Are You At Risk Of Having An Iron Deficiency?
It’s the end of the year and you might be feeling a bit run down — totes normal. But if your tiredness is accompanied by heart palpitations, shortness of breath and craving non-food items like baby powder, it might be a sign of iron deficiency (ID). ID is the world leading nutrient deficiency, and in South Africa its estimated that 50% of women may be iron deficient.
“Iron deficiency occurs when iron reservoirs in the body become depleted,” explains Dr Jarrad van Zuydam, a sports medicine physician with a special interest in the medicine of cycling and other endurance sports. “The most common cause is an inadequate dietary intake of iron. When your iron levels are low, your cells are receiving less oxygen making it harder for your body to generate energy.
Who’s at Risk?
Anyone is at risk of iron deficiency but women of reproductive age are more likely to be at risk. During menstruation, you are losing blood which contains iron, which is one of the reasons you make experience symptoms of low iron during that time of the month. If you aren’t supplementing that loss by eating a diet rich in iron, you could become ID over time. Pregnancy can also cause you to become ID, this because when you’re expecting you need almost double the normal amount the average women needs. And once you’ve had your baby, iron levels can remain low due to blood loss during delivery.
Signs of Iron Deficiency
Unusual tiredness is one of the most common symptoms of iron deficiency affecting more than half of those who are deficient. Your body needs iron to make the protein haemoglobin, “Haemoglobin in the blood carries oxygen from the lungs around the body, cells use the oxygen delivered to them to generate the energy needed for cellular processes.”, explains Dr Van Zuydam. When your haemoglobin is low, less oxygen is reaching your tissues and muscles, making them feel weaker. Your heart then has to work harder to move more oxygen-rich blood around your body. This tiredness is often accompanied by crankiness, difficulty concentrating and poor productivity.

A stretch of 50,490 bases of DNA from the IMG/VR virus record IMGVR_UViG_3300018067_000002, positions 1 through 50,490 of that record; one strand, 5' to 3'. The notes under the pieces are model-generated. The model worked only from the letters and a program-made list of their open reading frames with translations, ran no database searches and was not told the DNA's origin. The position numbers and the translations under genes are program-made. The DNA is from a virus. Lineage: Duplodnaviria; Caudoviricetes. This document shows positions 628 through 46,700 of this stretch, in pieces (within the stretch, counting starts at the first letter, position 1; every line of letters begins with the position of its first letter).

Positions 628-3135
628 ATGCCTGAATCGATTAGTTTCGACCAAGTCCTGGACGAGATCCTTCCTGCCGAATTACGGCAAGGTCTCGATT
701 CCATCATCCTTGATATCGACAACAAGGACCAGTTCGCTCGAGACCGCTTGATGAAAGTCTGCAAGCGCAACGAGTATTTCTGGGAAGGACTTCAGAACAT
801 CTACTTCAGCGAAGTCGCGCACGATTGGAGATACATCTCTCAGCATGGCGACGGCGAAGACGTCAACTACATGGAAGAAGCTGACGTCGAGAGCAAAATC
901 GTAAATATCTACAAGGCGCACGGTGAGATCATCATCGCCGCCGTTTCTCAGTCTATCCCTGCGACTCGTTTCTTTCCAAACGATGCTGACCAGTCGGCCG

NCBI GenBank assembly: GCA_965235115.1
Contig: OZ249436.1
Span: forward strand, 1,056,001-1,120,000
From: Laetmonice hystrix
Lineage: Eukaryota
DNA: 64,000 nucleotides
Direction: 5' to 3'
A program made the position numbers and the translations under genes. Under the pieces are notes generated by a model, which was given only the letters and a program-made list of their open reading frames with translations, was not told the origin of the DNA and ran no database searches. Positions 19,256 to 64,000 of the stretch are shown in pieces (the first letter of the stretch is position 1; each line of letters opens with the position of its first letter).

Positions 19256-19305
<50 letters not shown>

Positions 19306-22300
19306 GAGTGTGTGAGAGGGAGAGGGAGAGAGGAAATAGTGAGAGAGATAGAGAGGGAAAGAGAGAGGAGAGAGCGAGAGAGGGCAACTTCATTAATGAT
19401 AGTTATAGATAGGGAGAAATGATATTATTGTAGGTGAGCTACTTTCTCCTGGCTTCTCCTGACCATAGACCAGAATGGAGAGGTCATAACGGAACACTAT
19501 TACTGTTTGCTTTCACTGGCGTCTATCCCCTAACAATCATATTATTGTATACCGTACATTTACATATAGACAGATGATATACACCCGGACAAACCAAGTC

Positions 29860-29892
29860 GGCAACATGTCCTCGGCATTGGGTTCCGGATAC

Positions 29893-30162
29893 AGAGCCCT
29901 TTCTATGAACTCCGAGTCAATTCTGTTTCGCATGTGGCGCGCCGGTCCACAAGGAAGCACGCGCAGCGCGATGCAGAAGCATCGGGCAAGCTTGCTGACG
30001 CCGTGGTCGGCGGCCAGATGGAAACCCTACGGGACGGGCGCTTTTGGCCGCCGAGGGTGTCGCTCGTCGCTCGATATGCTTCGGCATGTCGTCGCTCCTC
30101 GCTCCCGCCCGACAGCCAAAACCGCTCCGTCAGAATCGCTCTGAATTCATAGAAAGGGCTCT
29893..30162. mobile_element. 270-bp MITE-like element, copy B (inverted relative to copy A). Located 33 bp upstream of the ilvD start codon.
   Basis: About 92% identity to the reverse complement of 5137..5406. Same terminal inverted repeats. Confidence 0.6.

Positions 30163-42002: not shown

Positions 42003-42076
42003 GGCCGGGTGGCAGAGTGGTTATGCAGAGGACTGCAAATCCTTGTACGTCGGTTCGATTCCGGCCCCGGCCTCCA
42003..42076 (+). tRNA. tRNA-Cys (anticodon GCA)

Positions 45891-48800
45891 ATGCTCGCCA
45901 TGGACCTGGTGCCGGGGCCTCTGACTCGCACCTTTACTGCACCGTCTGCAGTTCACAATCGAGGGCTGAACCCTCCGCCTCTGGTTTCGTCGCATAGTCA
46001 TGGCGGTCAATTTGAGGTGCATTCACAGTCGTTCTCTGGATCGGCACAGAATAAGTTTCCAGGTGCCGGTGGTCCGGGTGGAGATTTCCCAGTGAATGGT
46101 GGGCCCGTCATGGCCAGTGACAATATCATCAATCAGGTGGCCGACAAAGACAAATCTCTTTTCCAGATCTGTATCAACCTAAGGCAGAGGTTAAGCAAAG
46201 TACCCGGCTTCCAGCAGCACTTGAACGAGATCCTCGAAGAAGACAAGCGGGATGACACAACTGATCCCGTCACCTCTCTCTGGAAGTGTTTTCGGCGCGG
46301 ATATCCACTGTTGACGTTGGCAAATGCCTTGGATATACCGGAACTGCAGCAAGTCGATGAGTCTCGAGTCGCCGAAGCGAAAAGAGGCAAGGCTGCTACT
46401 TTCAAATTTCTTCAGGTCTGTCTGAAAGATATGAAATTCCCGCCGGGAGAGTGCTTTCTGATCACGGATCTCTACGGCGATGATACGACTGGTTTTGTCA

Shortness of breath
Given that iron deficiency causes a lack of haemoglobin, oxygen levels will be low too. This results in your breathing rate increasing as your body will try to make more oxygen.
The lack of haemoglobin means that not enough oxygen is reaching the brain. The causes the blood vessels in the brain to swell, causing pressure and headaches.
Dry hair and skin
When your body lacks oxygen, it will direct the limited oxygen for more important functions like your organs and tissues. This lack of oxygen causes them to become dry and weak. That means your hair, skin, and nails won’t be getting love.
Many people who have low iron, experience something called pica. Pica is a craving for items that aren’t considered edible, like dirt, chalk, paper or ice. Other symptoms include:
- Pale skin
- Cold hands and feet
- inflammation or soreness of your tongue
- Poor appetite
What you can do to raise your iron levels
Iron is essential for healthy bodily functions, meaning that you need to ensure that your diet is up to par. There are two forms of dietary iron: heme and nonheme. Heme iron is derived from haemoglobin, so you will find it in meat, fish and poultry. You can find nonheme iron in mostly in plants and legumes. A list of heme and nonheme foods include:
- beef or chicken liver
- Breakfast cereals enriched with iron
- dark green leafy vegetables
- pumpkin, sesame, or squash seeds
- red meat
- oily fish
If you aren’t getting enough iron from your diet, you can try an iron supplement. Ferrimed has a variety of iron supplements to suit your lifestyle. Give Ferrigo a try, it’s specially formulated for those that live active lifestyles. From the gym to lunch with the girls, it will give you everything you need to get you through your day. Get it at Dischem